The linebacker corps led by Kiko Alonso has actually held their own over the Dolphins’ last two victories, but took a significant step back today. The unit as a whole still struggles in open space, especially when Alonso isn’t at the top of his game. Jelani Jenkins in particular missed a number of one-on-one tackles before exiting the game due to injury. Jenkins, among others, also have yet to improve in coverage. Kiko Alonso and Spencer Paysinger were decent at wrapping up tackles, but struggled in taking down Matt Forte in space, sometimes not even getting contact as was the case here:
Kiko Alonso makes the linebacker group competent in some games, but until the rest of the unit’s play improves, the Dolphins’ run defense will continue to be a liability when the defensive line isn’t playing at peak efficiency.
Defensive Backs: C+
The secondary provided a very mixed bag on tape Sunday. As was the case with the linebackers, the defensive backs struggled to wrap up tackles, particularly over the middle of the field. The Jets’ no-name receivers had no trouble finding a window where even Ryan Fitzpatrick was able to complete a deep pass between the hashes. This was a game where the team sorely missed Reshad Jones, as the Matt Forte picked on Michael Thomas and Isa Abdul-Quddus when he made it to the secondary. Forte’s 34-yard touchdown where he wasn’t ever touched due to poor angles by the defensive backs was certainly the low point of the unit:
As bad as the safeties were in all facets of the game, the cornerbacks actually did a fairly good job. Brandon Marshall was limited to just 45 yards on 6 receptions and was unable to connect with his quarterback a number of times. While much of their successes can be attributed to Fitzpatrick’s ineptitude, I have to give credit where credit is due. The high point of the secondary’s performance was Bobby McCain’s Red Zone interception that helped keep Miami in position to win:
Special Teams: A-
The special teams was absolutely brutal to watch at the beginning of the game. Matt Darr was absolutely terrible, and turned the ball over on a botched punt. To make matters worse, Jakeem Grant’s return touchdown was nullified by Kenyan Drake’s illegal block penalty. The special teams was on crutches all game until…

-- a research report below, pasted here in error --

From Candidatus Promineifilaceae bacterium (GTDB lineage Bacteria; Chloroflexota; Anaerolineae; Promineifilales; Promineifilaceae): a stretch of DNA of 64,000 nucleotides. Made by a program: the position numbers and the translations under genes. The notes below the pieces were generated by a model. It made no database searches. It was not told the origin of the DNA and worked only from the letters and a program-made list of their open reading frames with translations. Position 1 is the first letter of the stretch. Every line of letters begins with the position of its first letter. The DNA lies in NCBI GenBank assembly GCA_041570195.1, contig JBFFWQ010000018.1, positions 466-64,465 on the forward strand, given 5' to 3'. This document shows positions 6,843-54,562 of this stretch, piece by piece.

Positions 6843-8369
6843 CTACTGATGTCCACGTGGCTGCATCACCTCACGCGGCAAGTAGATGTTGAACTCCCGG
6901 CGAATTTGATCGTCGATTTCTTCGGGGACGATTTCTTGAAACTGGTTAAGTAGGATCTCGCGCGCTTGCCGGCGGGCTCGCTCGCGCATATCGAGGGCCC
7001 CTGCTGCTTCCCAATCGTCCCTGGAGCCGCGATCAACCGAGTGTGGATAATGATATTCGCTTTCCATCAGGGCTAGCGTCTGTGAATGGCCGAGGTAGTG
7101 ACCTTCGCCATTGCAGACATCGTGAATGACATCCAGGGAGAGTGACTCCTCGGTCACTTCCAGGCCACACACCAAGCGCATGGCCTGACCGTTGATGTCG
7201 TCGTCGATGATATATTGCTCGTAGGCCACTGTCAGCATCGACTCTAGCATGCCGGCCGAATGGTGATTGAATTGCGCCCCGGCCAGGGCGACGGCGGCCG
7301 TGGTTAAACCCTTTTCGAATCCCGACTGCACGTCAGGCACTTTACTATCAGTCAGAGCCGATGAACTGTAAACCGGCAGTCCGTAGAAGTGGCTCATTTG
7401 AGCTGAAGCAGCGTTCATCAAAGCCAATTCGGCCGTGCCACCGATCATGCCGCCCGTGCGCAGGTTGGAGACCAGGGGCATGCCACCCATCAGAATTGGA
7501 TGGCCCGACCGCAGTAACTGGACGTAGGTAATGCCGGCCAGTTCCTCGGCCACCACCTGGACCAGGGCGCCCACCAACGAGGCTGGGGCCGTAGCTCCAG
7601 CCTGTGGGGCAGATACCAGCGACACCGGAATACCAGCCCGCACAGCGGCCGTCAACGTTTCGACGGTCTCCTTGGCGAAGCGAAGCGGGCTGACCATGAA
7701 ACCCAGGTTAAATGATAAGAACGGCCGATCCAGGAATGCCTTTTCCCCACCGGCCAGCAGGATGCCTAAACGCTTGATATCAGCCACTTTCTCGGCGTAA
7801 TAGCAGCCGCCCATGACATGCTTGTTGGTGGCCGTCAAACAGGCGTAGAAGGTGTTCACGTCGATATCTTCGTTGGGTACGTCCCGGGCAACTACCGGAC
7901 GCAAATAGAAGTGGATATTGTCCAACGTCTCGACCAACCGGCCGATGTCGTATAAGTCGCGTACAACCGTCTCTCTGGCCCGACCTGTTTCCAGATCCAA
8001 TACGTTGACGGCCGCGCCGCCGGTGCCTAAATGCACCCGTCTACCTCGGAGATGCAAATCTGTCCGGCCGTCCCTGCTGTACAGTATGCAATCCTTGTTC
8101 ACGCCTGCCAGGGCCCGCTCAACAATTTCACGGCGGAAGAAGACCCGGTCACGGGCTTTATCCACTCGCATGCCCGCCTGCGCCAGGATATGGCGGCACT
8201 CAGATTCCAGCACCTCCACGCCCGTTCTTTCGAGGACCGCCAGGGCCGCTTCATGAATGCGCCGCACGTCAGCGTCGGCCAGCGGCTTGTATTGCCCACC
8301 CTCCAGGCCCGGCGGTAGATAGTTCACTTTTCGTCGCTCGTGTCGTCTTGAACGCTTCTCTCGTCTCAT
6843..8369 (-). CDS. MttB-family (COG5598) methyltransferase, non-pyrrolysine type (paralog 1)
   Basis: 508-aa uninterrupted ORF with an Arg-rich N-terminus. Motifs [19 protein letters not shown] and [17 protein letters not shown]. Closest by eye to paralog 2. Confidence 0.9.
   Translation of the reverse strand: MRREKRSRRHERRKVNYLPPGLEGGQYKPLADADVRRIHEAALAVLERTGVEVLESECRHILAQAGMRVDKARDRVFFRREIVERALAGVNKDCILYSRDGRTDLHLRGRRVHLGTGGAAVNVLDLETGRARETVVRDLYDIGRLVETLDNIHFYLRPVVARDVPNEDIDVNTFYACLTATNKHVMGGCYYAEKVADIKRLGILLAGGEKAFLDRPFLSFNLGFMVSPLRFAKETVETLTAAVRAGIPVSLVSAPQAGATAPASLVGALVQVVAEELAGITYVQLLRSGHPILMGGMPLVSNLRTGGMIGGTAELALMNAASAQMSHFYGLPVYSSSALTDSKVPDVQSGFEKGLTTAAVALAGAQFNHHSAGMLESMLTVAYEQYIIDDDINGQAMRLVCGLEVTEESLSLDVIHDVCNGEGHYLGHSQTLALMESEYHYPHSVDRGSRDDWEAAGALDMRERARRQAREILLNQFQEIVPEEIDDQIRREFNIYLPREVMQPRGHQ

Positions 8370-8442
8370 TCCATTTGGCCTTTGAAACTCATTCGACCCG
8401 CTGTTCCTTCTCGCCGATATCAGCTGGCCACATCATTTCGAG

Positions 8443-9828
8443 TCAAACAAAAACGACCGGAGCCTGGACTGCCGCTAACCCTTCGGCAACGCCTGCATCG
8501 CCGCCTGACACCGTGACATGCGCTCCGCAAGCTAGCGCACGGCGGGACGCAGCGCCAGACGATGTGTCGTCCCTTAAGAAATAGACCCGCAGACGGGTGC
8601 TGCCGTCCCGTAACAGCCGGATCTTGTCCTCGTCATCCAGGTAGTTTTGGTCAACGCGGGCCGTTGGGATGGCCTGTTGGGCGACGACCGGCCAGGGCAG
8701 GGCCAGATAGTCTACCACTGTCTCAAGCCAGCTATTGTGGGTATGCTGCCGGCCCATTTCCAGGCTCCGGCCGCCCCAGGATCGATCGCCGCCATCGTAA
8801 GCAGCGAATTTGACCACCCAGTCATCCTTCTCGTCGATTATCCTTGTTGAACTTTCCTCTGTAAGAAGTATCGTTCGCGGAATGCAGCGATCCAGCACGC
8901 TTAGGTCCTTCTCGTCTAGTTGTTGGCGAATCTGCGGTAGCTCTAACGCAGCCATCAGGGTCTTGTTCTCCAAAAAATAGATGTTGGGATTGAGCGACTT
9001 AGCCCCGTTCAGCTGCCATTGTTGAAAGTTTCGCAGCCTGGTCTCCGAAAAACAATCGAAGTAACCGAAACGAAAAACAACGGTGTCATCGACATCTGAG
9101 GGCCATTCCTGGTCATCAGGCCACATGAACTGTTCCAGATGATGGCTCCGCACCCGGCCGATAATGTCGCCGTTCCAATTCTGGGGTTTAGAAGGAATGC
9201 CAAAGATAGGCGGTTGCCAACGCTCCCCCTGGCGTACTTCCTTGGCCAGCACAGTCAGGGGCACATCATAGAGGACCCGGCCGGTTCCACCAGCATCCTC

Kenyan Drake made an incredible return touchdown, redeeming himself while scoring the game winning touchdown. Had Drake not pulled off late-game heroics, the overall grade would have been much lower.
This was a game that Miami has folded on in the past. The offense struggled throughout the first half, as Jay Ajayi was afforded no opportunity to do anything after his early touchdown. Still, the coaching staff elected to continue to run the ball. Even though Ajayi’s first 14 carries yielded just 30 yards, Adam Gase stuck to the gameplan and was ultimately rewarded for it. Last year, in the exact same situation, the coaching staff would have panicked and abandoned the run all together. The defense held in key situations, including Suh’s 3rd down sack and McCain’s Red Zone interception. Though there were some critical penalties that slowed the team’s momentum, there were actually fewer than in previous weeks, including 0 on offense. All in all, it was a great effort by Miami’s coaching staff when things didn’t go their way.
The Miami Dolphins are not an opponent-destroying juggernaut, but that doesn’t matter. The team has maintained even and balanced play on offense as the Jay Train has emerged as the focal building block. The defense gives up plays on account of its flawed and shorthanded depth chart, but it generated turnovers and maintained composure when it was needed the most. My only concern is whether or not the Dolphins can win on the road, as all four wins have been home games. Whatever the case, after a 1-4 start, the Miami Dolphins are 4-4 and are officially in the Wild Card hunt, and that sounds pretty good to me.